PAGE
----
PNGi 2018 – A Quick Review

In 2018, PNGi published more than seventy reports, articles and profiles that all highlighted aspects of the rampant corruption afflicting Papua New Guinea. This corruption is distorting the economy, entrenching gross inequalities, causing immeasurable harm and suffering to individuals, families and whole communities and it has destroyed our democratic government.

Looking back across the reports, there are many reoccurring themes that are worthy of further analysis and discussion. These include the high prevalence of land fraud, the conspicuous impunity enjoyed by senior politicians, the gross conflicts of interest that undermine good governance and the breadth of the corruption in the purchasing and delivery of medical supplies.

Land fraud

Papua New Guinea has one of the most egalitarian systems of land ownership anywhere in the world. More than 80% of the population live in rural communities where the rights to occupy, farm and gather from the land are supposedly protected through customary rights. In urban centres, land laws are meant to defend the rights of leaseholders.

In 2018 though, PNGi highlighted a raft of cases in which the rights of both customary landowners and urban leaseholders were abused while PNG’s political classes demonstrated their ability to unlawfully leverage land acquisition to enrich themselves and their cronies.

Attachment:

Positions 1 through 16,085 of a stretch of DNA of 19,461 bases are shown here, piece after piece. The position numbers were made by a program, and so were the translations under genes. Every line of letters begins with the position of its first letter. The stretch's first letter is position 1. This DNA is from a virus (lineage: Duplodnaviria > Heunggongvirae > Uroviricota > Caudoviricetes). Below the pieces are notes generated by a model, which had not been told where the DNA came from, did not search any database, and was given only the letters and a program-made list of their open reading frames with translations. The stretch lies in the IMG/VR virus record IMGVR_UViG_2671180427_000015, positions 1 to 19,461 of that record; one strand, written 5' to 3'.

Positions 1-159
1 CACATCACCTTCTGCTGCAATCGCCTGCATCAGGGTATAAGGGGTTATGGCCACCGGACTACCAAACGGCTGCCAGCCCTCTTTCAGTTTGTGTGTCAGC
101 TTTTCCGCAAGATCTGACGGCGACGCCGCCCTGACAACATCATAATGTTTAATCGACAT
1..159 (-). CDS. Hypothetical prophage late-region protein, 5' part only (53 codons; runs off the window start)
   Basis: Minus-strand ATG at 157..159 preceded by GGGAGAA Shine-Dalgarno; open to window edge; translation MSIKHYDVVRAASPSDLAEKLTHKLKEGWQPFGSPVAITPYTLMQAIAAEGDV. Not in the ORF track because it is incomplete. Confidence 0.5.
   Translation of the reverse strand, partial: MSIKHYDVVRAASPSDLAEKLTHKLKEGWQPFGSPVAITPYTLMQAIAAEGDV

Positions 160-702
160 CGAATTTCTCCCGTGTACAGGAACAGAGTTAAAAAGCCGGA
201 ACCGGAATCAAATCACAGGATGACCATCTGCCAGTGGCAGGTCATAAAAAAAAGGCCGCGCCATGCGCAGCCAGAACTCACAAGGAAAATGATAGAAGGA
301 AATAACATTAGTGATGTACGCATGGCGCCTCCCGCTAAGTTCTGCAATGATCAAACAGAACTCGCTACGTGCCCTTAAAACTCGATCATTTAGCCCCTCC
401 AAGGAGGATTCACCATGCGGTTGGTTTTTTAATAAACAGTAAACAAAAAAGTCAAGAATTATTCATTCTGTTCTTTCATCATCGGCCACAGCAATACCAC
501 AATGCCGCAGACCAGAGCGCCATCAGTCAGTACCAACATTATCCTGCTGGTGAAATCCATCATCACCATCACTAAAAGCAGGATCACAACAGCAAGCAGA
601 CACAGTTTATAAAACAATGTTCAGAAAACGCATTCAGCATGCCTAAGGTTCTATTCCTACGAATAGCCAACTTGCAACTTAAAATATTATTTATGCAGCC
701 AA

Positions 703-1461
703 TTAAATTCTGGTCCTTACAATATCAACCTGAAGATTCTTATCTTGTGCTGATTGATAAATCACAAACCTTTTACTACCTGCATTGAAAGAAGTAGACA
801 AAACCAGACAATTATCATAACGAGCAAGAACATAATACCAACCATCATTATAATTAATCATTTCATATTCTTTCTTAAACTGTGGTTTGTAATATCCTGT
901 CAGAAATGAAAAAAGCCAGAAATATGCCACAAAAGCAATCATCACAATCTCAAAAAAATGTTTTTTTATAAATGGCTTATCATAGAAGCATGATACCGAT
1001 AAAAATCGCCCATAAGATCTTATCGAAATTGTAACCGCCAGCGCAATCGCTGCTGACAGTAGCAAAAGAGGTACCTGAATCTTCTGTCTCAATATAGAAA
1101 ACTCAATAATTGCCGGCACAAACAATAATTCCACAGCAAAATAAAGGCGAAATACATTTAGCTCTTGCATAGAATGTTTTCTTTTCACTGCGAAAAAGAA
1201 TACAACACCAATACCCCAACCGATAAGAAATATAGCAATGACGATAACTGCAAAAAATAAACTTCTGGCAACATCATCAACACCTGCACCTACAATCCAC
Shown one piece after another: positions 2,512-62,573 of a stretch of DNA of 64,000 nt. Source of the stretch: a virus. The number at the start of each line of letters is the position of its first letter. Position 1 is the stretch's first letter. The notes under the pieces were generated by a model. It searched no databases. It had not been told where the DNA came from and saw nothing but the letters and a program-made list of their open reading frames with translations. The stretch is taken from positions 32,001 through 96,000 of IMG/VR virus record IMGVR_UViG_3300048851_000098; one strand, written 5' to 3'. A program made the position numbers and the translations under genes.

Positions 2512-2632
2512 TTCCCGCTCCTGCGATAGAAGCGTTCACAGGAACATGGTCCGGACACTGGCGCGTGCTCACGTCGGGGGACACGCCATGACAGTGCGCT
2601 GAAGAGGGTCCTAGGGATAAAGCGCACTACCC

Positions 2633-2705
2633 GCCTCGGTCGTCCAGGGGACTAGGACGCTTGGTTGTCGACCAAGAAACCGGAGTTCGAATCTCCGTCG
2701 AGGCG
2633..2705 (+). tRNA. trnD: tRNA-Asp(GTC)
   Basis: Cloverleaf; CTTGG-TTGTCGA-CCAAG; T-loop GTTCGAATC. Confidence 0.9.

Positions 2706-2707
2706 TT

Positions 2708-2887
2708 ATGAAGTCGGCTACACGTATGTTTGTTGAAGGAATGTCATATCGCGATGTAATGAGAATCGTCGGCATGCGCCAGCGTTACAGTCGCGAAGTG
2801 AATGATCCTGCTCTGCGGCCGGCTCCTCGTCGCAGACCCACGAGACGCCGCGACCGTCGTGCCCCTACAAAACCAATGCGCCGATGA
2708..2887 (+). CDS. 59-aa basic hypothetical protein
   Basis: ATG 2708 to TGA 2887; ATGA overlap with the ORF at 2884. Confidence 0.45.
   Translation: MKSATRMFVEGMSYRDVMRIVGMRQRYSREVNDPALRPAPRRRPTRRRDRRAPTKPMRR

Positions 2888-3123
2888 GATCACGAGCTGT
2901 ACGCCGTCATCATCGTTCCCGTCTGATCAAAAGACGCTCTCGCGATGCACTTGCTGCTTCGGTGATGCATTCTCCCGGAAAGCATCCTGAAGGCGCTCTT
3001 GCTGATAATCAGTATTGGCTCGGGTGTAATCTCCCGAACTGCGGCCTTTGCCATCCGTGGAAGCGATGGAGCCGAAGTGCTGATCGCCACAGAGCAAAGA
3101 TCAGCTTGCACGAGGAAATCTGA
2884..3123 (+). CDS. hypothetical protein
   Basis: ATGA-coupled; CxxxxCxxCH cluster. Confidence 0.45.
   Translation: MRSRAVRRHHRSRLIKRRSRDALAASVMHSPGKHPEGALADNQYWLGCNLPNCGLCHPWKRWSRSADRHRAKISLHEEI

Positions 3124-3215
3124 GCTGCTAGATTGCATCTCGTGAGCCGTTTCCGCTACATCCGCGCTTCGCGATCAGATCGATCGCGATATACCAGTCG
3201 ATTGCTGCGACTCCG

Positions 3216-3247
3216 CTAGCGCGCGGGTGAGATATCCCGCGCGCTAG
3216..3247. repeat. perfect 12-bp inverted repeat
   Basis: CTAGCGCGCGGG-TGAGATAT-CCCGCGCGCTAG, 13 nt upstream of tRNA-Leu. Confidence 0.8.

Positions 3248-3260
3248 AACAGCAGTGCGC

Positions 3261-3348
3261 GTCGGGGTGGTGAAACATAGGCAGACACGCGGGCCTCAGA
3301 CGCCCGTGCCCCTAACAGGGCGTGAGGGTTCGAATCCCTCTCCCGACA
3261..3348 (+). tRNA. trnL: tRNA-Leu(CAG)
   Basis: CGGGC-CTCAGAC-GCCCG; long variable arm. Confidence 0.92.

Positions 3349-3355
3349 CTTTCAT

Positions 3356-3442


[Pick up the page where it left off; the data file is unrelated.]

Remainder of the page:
A four-part expose of the Woodlark Island logging scam provided an in-depth examination of how foreign businessmen are able to collude with powerful locals to illegally acquire the rights to vast-tracts of valuable rainforest thanks to the connivance of government departments.

For decades those living in State housing in urban cities have enjoyed no better protection, thanks to the rotten National Housing Corporation and its Managing Director, John Dege. Taking From the Poor to Feed the Rich was the title of PNGi’s three-part expose that led to a petition calling for a police investigation. Thankfully, NHE Ltd is no more and John Dege and some of his cohorts are now under arrest. We wait to see if these developments signal broader changes in behaviour at the NHC.

Perhaps the most infamous case of land fraud to hit the headlines in 2018 was the Manu Manu land scandals. The central role played by Ministers William Duma and Fabian Pok were highlighted in the in-depth examinations of the two land frauds published by PNGi. One fraud netted its masterminds more than K46 million in illicit profits, the second K15.4 million.

Politicians though are not the only ones who profit from illicit land deals involving the State. In Land Fraud Hits Lae, PNGi illustrated how, with Lands Department blessing, lucrative state leases can be illicitly given away by public officials at a discount to private individuals who then sell for a quick profit, often leaving a trail of destruction behind them.


The impunity demonstrated by both Ministers Pok and Duma in escaping any liability for the tens of millions of kina stolen in Manu Manu land scandals is a theme which appeared time and time again in PNGi investigations in 2018.

In-depth profiles of long-time leaders like Chris Haiveta, Fabian Pok, Michael Nali and Peter Yama each exposed how these high-profile politicians have time and again avoided liability despite being recommended for further investigation or prosecution in Commissions of Inquiry, other administrative processes or even by the courts.

In the case of Chris Haiveta, for example, he has been centrally implicated in three high-level scandals over the past twenty years – the Sandline Affair,  the National Provident Fund fraud and the Cairns Conservatory scandal – yet each time has escaped any criminal charges and managed to remain at the centre of power.